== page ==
Make it more about quality when he does eat.  Minimal junk and have fruits/veggies readily available.  Whole grain instead of overprocessed white bread and snacks.


Quoting angeleyes16:

Thank you =) I have started this, but I need to get my dh more on board. He just says that he's a boy and boys eat a lot... (sigh) 

Quoting Snapdragon88:

Yes. It sounds like food is becoming a problem. He's eating for comfort.

Fix the issue by having set mealtimes and snack times. NO food inbetween.





frndlyfn
by Emerald Member on Feb. 17, 2013 at 4:51 PM

Your welcome.  I did it for my dd who eats like a bird and very picky.  She gets extremely grumpy if she is hungry but wwould not tell us when she was a toddler.


Quoting angeleyes16:

I think I will start doing this for both of my kids. Thanks. 

He gets good sleep IMO. He sleeps 10-12 hours at night and takes one 1-2 hour nap from 2PM-4PM. He isn't always grumpy, just a much as any other normal toddler. (Like when he doesn't get his way, is scolded, near nap or bed time, etc). 

Quoting frndlyfn:

How much sleep is he getting a day?  That could cause whining and grumpiness.   You may want to get him checked in case of anything else going on.  excessive hunger can be a sign of a few things.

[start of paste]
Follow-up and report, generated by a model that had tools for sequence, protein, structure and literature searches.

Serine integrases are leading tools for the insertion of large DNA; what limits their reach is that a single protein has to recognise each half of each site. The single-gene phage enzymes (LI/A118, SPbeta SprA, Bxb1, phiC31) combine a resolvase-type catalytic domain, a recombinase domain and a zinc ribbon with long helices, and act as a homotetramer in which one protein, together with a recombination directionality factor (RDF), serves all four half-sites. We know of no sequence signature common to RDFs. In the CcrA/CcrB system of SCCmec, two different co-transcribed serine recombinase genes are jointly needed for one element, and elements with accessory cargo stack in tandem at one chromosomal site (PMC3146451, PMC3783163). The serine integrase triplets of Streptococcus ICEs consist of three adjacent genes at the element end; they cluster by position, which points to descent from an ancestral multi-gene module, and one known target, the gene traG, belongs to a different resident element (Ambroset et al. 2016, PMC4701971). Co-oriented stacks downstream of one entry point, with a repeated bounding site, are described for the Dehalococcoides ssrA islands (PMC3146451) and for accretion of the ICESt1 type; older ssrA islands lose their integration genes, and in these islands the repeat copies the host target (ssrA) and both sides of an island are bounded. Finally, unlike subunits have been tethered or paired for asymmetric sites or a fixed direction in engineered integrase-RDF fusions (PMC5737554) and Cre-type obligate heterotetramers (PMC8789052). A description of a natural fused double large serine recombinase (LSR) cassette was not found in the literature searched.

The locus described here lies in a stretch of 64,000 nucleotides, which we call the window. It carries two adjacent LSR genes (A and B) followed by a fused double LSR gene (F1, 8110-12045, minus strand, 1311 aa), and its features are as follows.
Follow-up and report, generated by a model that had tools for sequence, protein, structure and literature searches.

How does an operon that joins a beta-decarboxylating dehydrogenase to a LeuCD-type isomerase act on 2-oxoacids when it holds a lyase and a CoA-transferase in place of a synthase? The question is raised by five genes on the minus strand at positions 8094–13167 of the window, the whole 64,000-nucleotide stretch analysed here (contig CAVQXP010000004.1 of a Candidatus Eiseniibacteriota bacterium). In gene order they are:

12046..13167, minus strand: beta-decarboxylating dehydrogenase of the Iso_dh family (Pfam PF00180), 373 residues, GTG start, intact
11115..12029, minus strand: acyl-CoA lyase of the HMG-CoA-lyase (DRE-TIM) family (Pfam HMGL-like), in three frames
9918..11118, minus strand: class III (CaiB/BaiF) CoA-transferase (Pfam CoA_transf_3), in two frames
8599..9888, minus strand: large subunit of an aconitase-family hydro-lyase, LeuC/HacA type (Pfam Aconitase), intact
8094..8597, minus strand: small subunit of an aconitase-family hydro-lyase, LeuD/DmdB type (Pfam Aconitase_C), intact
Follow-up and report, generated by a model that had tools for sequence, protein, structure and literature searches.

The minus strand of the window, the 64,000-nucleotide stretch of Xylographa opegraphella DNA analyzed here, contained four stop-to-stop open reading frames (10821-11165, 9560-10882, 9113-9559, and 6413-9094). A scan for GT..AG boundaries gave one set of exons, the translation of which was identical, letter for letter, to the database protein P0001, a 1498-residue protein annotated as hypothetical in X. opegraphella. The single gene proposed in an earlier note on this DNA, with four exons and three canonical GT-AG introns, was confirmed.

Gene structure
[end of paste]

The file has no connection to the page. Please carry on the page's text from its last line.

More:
First step is to document his diet for a few days, what time he eats, how much (portion size), how long it takes him to eat the meal or snack.




frndlyfn
by Emerald Member on Feb. 17, 2013 at 4:53 PM

Refer to the feeding chart thing i posted.  A banana would be a good wake up fruit and a good fruit to have for a bedtime snack.


Quoting angeleyes16:

I usually offer fresh fruit instead of other sugar processed crap. Ds looves bananas. I don't want to give him too much though. How many bananas a day is too much? He usually eats 2. 

Quoting frndlyfn:

Make it more about quality when he does eat.  Minimal junk and have fruits/veggies readily available.  Whole grain instead of overprocessed white bread and snacks.


Quoting angeleyes16:

Thank you =) I have started this, but I need to get my dh more on board. He just says that he's a boy and boys eat a lot... (sigh) 

Quoting Snapdragon88:

Yes. It sounds like food is becoming a problem. He's eating for comfort.

Fix the issue by having set mealtimes and snack times. NO food inbetween.







Add your quick reply below:
You must be a member to reply to this post.
Join the Meeting Place for Moms!
Talk to other moms, share advice, and have fun!

(minimum 6 characters)